Spider-Man: Far From Home

Spider-Man: Far From Home ★★½

As the last film in phase three, Spider-Man: Far from Home (2019) serves as the epilogue of this brief conclusion to the MCU – a kind of post-credit scene that instead of seriousness attempts to explore a lighthearted identity crisis.

Peter Parker goes to Europe for a class trip, he is suddenly in love with MJ, and the Blip is explained – all of this with the aid of several montages in the first ten minutes, as if trying to distance themselves as much as possible from the consequences of Endgame. Obviously, the film is a high school comedy drama (and maybe even a fine one), but it treats the Blip almost too lightheartedly, which in and of itself is not terrible. However, when Parker so adamantly proclaims – barely showing (also in terms of acting and directing) – that he sees Stark everywhere, a feeling of skepticism tingles up and down our spine, accompanied by the phrase “do you really?”

A film so upsettingly obsessed with illusions and reality could perhaps immerse itself in the great techniques of filmmaking by showing us Parker’s detachment from reality, or his haunting memory of Tony, but instead we get the tell, not show, the usual blandness – though with a single imaginative sequence – and shitloads of CGI (perhaps this is the meta-illusive statement they were going for?).

Parker, a 16-year-old kid(?), is also blessed with a technological device so terrifying, so world altering that it seems to have been created only to fall into the hands of the wrong people. Why isn’t it commented on that Stark created this ungodly device? Why isn’t the consequences of this 1984-goober explored more in relation to reality versus imaginative – fake news versus real news?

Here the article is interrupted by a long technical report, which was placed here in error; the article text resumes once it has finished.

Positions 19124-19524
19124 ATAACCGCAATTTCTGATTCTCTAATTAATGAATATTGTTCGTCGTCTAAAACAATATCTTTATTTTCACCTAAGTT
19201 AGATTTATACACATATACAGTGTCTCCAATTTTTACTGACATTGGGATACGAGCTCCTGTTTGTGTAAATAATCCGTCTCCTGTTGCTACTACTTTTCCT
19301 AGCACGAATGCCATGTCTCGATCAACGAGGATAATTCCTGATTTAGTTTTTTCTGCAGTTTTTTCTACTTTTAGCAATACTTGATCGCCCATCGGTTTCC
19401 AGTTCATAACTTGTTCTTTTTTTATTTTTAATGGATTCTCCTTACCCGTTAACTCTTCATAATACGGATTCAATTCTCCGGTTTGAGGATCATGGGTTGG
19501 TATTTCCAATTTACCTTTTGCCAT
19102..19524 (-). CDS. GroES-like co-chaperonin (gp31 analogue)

These were my major concerns, and despite my perhaps exaggerated, loud opinions, several scenes were very funny and Gyllenhaal really made a Nightcrawler-esque impact. Almost all the scenes with him are solid, and his type of humor is quite singular in comparison to the adorkable, slightly awkward humor literally everyone else has (from students to teachers). I know directorial and stylistic personalities in Marvel movies are rare, but how about the humor of the personalities in the films are just somewhat unique.

In this spider’s web, in spite of how strong the silk is, the gaps between the strings are huge.

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